Eighty percent of Colorado is experiencing some form of drought or dryness. That means dry river basins, hungry wildfires and parched farmland across the state. Some have already started comparing conditions to the 2002 drought.
It’s also prompting a closer look by historians into how communities have survived and triumphed over water scarcity – instead of the old Western yarn that “water is for fighting.”
Back in 1999, some of Colorado’s most powerful politicians stood on top of the windswept sandy hills of what would soon become Great Sand Dunes National Park & Preserve. It was an attempt to conserve not only the land but also an underground aquifer and streams.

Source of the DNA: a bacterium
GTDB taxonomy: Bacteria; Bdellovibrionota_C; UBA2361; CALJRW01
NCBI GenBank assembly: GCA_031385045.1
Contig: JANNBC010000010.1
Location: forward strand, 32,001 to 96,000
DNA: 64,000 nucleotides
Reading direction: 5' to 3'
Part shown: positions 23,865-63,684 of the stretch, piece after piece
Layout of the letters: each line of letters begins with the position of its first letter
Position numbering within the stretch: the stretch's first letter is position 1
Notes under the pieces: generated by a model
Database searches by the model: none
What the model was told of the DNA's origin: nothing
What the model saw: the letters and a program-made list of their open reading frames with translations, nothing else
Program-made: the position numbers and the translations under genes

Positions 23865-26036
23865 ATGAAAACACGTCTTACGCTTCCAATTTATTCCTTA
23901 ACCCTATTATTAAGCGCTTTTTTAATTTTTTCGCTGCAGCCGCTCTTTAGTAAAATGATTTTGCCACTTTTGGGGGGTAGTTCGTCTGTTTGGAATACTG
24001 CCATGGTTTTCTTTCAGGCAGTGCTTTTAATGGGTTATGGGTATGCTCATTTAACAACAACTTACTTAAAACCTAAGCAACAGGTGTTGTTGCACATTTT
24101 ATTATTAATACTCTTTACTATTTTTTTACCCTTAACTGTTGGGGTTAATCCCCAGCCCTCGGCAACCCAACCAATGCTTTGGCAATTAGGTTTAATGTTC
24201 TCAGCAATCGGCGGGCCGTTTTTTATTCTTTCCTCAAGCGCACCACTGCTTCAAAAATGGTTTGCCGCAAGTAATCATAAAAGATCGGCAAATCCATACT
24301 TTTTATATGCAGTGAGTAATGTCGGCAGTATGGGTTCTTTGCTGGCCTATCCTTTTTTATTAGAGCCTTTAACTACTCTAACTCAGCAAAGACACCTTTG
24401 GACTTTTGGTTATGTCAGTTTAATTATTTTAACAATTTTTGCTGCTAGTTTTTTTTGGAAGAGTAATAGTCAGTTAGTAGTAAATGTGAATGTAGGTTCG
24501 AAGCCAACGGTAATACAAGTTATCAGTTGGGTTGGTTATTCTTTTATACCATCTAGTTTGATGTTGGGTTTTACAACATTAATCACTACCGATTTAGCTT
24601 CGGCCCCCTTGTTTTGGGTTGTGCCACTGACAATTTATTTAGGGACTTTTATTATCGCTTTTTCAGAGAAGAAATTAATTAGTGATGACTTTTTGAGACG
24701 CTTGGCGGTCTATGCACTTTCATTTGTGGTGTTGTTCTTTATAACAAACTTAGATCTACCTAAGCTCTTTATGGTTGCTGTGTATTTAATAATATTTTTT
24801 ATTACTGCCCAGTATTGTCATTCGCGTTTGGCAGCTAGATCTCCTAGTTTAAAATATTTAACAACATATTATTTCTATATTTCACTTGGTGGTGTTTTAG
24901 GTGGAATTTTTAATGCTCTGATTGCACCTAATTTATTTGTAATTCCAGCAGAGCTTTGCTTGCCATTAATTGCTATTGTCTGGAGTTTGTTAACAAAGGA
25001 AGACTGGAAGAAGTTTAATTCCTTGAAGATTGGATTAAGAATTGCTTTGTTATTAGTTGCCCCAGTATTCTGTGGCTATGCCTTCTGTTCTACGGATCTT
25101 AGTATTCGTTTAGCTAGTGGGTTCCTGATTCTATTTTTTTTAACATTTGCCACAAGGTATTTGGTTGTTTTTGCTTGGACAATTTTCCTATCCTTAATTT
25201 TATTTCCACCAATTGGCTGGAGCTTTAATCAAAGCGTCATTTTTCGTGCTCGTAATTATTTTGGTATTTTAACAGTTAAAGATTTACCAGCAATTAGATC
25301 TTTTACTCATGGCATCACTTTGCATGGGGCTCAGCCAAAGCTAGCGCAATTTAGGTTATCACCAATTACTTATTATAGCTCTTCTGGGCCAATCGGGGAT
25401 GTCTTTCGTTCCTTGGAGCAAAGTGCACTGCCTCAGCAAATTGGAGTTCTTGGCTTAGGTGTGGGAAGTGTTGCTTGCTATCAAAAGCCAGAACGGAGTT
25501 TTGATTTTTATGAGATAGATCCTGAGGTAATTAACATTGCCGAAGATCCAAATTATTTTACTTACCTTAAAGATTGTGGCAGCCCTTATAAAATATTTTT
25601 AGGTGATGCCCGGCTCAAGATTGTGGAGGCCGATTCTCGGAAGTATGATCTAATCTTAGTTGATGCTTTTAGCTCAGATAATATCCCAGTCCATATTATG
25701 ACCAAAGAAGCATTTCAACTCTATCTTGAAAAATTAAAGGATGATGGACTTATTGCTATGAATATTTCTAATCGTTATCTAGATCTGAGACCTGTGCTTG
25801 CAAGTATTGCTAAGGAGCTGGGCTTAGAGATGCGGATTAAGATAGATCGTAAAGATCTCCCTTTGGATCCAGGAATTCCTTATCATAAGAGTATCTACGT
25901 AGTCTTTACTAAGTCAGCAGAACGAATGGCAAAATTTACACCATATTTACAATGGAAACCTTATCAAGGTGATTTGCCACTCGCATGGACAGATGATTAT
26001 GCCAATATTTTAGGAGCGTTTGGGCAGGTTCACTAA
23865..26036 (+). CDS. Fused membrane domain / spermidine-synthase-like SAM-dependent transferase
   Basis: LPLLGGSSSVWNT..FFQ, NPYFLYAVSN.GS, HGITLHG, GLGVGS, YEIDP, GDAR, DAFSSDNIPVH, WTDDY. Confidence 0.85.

“I think the feeling was, ‘if we’re going to save this resource, the time is now. We’ve got to act,’” said Michael Geary, a historian who wrote Sea of Sand: A History of Great Sand Dunes National Park and Preserve.
Read the rest of the story at Colorado Public Radio.